Founding and running six companies has taught Blake Mycoskie something about burnout.
Especially at Toms, a social enterprise that was his fifth company, he saw young employees during the company's period of fast growth, working so hard, managing their digital distractions while multitasking through the pressure to always be "on." He worried that they were going to suffer serious effects unless they took care of themselves.
Then, as 2016 turned into 2017, Mycoskie now admits, he faced that burnout himself. "I had just been working for so many years so hard just burning the candle at both ends that I had neglected any kind of personal care," he tells Inc.'s What I Know podcast.
He didn't want to seek treatment for what he self-diagnosed as depression. But he did investigate the causes of it--and tried to create his own solutions.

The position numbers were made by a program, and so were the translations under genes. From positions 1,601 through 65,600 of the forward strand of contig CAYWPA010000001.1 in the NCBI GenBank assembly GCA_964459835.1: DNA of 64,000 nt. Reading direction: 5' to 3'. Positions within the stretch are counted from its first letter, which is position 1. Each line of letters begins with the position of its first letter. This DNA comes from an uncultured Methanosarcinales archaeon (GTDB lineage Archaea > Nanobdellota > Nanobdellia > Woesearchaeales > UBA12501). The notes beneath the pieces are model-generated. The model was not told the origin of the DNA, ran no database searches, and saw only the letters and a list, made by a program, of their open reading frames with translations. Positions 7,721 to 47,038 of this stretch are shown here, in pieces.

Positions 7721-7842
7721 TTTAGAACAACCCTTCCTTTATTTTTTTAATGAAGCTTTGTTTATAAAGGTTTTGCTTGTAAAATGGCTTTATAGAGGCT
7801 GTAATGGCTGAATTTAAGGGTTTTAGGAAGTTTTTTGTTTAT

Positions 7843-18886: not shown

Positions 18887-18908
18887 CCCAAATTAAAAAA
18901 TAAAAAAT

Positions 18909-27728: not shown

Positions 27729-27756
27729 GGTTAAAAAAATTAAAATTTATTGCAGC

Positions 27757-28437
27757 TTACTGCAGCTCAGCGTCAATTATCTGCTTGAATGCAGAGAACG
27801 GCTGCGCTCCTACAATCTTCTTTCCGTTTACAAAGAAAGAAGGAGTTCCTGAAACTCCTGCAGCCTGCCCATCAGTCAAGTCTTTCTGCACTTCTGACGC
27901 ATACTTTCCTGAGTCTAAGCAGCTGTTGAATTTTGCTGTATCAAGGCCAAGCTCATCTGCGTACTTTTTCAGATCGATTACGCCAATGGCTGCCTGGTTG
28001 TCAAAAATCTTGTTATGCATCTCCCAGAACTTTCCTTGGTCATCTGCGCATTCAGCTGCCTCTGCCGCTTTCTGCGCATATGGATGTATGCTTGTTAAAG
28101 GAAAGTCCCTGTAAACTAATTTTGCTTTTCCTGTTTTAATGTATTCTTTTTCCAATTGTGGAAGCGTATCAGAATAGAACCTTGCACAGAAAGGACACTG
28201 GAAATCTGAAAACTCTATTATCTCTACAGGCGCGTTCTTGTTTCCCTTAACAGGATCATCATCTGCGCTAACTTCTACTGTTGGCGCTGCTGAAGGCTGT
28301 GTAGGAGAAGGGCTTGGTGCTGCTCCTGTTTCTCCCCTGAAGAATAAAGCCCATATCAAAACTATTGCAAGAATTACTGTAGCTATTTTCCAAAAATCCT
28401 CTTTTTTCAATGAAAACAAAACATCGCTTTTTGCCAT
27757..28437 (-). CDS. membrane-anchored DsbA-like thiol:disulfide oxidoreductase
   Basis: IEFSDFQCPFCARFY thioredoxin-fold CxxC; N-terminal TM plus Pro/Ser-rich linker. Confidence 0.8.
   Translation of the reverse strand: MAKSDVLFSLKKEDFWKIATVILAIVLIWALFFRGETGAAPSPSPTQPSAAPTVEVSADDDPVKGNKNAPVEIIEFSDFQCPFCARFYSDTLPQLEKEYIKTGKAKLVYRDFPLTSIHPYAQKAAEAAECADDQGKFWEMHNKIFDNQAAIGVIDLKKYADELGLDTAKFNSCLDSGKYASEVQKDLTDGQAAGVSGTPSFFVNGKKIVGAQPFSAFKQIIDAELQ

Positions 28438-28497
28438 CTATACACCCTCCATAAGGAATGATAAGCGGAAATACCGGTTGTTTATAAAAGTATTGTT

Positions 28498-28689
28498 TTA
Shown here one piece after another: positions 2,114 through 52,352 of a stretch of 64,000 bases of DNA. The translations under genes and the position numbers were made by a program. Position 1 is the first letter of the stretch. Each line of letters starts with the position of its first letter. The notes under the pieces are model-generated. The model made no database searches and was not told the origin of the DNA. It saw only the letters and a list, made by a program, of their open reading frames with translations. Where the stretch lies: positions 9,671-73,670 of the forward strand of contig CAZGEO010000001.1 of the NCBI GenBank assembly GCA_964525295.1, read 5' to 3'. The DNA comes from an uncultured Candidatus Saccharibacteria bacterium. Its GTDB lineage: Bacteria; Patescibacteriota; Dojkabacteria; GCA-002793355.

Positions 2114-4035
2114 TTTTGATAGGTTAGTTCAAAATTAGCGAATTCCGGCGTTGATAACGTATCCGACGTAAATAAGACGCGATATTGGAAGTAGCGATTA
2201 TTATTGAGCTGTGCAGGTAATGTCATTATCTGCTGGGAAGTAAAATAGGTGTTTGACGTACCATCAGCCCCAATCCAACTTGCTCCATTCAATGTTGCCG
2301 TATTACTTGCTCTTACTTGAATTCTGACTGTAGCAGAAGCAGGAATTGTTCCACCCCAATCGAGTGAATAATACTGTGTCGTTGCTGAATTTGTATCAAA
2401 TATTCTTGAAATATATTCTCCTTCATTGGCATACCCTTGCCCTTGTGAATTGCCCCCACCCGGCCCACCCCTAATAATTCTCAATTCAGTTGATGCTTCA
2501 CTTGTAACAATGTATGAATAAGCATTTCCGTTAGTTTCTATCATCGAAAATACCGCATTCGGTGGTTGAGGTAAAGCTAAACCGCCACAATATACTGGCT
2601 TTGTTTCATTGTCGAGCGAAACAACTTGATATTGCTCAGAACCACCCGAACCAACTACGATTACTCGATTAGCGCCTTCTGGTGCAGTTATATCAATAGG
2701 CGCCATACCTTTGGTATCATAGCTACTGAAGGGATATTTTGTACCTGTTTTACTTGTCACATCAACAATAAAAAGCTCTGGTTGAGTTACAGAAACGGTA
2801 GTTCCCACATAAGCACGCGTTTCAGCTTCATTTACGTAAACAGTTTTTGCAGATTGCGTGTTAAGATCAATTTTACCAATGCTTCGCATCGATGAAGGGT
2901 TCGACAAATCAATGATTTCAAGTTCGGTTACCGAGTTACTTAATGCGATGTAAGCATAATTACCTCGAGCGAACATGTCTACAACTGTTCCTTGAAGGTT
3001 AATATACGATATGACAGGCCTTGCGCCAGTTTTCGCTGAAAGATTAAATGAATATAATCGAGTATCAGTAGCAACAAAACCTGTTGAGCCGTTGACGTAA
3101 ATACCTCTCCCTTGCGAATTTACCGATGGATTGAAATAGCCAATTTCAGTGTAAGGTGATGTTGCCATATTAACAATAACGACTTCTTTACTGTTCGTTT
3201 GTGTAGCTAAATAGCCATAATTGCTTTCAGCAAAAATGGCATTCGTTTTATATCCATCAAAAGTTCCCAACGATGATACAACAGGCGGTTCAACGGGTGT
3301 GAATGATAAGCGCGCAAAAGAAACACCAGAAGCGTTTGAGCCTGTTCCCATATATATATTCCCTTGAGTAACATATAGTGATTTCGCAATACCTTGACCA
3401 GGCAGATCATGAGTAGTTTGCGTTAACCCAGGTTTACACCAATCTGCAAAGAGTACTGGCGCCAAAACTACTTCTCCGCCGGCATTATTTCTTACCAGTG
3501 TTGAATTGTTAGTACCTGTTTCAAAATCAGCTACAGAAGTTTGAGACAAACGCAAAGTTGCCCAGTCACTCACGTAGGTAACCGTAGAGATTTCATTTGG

"What I found was that it wasn't a magic bullet," he says. "There wasn't some special guru. I tried everything."
Meanwhile, although he'd stepped away from his chief executive role at Toms, his work was still suffering. "I didn't have the energy or the creativity, and a lot of times felt the need to be checked out," he says. "And that's around the time that I really stopped being engaged at all."
Mycoskie turned to behavioral science and dove into neurochemistry in his research about countering depression through lifestyle choices and healthy habits. He teamed up with Pat Dossett, a former Navy SEAL, to create a wellness company aimed at helping individuals adopt long-term healthful behaviors. It's called Madefor, and it launched in March of 2020--right as the Covid-19 pandemic was closing down U.S. cities and businesses.
For Mycoskie, the isolation of 2020 hasn't been conducive to good mental health. But, he says, creating Madefor has: "That was really part of me bouncing back, was having something outside of myself to focus on."